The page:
An Act to amend the Criminal Code (Bill C-55)

Elizabeth May: Mr. Speaker, I want to begin by thanking my colleague, the hon. member for Thunder Bay—Superior North, for seconding these motions.

As the House will know, this legislation was brought forward in place of or at least after Bill C-30 was withdrawn. It was the so-called protecting children from Internet predators act. I do understand the reasons for urgency.


This legislation, Bill C-55, is in direct response to a decision of the Supreme Court of Canada in R v. Tse, in which the court found that the current emergency wiretap provisions failed the charter test. The court suspended its ruling for 12 months to allow the House to remedy those sections of the Criminal Code such that they would conform with the charter. The clock started ticking when the Supreme Court rendered its decision, which was April 13 last year. We have a small amount of time to correct those mistakes.

I want to start my discussion of the amendments I am putting forward by stressing that I also support Bill C-55. It is, overall, well crafted and meets the challenge of ensuring that this extraordinary power of the state to obtain emergency wiretaps without a warrant—and this is what we are talking about—which is quite an egregious invasion of the privacy of the individual citizen, is balanced and only justified in exigent circumstances when certain standards have been met. It is only charter compliant, according to the Supreme Court decision in R v. Tse, if there are adequate oversight mechanisms put in place.

My amendments go directly to the point that we do not want Bill C-55 to be struck down by a future court because we failed to put in place the adequate oversight provisions and because we failed to get the balance just right, based on the advice of the Supreme Court.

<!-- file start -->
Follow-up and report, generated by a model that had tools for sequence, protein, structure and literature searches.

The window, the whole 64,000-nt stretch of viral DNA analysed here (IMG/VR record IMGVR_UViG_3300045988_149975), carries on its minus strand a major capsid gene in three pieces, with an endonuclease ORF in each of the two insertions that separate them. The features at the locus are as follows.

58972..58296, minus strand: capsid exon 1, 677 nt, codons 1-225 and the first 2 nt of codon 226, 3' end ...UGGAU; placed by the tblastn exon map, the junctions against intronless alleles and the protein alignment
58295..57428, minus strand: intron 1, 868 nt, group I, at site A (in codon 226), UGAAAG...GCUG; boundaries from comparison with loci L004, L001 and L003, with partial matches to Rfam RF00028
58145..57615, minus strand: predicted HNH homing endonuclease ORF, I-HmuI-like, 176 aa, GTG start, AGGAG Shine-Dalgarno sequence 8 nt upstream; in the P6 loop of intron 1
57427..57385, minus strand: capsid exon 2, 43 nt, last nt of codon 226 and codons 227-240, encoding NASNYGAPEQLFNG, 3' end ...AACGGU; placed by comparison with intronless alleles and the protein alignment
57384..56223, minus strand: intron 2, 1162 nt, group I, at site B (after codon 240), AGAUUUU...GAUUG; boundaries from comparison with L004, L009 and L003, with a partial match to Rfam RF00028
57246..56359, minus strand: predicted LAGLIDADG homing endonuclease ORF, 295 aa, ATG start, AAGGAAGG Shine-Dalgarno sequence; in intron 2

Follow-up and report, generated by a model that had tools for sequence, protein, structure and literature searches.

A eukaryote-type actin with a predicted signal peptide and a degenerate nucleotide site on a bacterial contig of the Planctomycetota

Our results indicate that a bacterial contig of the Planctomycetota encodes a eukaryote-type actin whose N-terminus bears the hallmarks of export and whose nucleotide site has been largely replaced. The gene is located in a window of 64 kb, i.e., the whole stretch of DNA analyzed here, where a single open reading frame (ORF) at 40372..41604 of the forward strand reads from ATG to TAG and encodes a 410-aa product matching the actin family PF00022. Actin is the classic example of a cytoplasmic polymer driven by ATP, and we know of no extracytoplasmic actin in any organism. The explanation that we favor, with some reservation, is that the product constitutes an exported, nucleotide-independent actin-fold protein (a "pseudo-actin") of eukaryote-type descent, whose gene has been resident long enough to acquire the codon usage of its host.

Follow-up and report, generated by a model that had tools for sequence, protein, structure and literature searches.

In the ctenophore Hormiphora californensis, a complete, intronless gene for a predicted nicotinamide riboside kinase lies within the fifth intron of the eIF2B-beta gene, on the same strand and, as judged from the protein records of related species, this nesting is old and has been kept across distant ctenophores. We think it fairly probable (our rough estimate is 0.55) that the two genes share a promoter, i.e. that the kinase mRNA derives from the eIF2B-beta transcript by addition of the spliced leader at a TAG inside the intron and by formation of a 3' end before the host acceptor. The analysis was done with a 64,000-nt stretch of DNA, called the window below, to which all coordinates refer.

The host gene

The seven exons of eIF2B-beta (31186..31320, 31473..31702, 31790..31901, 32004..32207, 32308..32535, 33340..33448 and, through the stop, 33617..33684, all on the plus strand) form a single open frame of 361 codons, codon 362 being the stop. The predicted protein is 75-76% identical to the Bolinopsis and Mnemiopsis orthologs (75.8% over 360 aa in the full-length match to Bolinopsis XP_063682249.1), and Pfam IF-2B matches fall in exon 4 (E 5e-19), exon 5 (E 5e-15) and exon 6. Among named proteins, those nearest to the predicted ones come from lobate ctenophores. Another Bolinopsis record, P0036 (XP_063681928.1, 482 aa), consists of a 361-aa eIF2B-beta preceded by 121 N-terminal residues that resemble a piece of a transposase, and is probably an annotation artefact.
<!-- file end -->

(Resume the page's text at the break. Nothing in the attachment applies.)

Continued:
I am just going to take a moment to go back to the ways in which the Supreme Court of Canada’s decisions around these matters have evolved in very recent years. It was not long ago that our major authority, the precedent from the Supreme Court of Canada that governed in this area, was a 1990 case, R v. Duarte, in which Mr. Justice La Forest found that:

as a general proposition, surreptitious electronic surveillance of the individual by an agency of the state constitutes an unreasonable search or seizure under section 8 of the Charter.

It takes quite a bit of evolution within court decisions to ask how we justify sections 183 and 184 of the Criminal Code in allowing the state, without access to a warrant or even judicial review of any kind, to go forward and wiretap private communications.

That process is now settled in a new precedent of the Supreme Court of Canada in R v. Tse, in which the court ruled in the majority that yes, in these exigent circumstances, where, for instance, there is a kidnapping or another criminal event where a life is at stake and there legitimately is not time to get to a judge for a warrant, it is now going to be acceptable under the charter.

What is not acceptable under the charter is when these powers are not adequately supervised. I think that needs to be a foundational point that is stressed here. These are intrusions into the private lives of Canadians that in any other circumstance would be viewed as charter violations. This House must craft, very carefully, that rare exception when we are going to let the state intrude on our personal communications.

I am troubled, sometimes, when I hear the comment: “Why would we worry if people want to wiretap criminals? The only people who would be worried about that would be people who have something to hide”.

We need in this country to constantly remind ourselves why we prize the Charter of Rights and Freedoms, and before the Charter of Rights and Freedoms why western democracies, the British Empire, our common law, and centuries of practice and respect for the rule of law recognized that the state has no business knocking down a person’s door. It is literally pushing through doors and breaking into houses and invading our privacy, which in an electronic era includes wiretapping.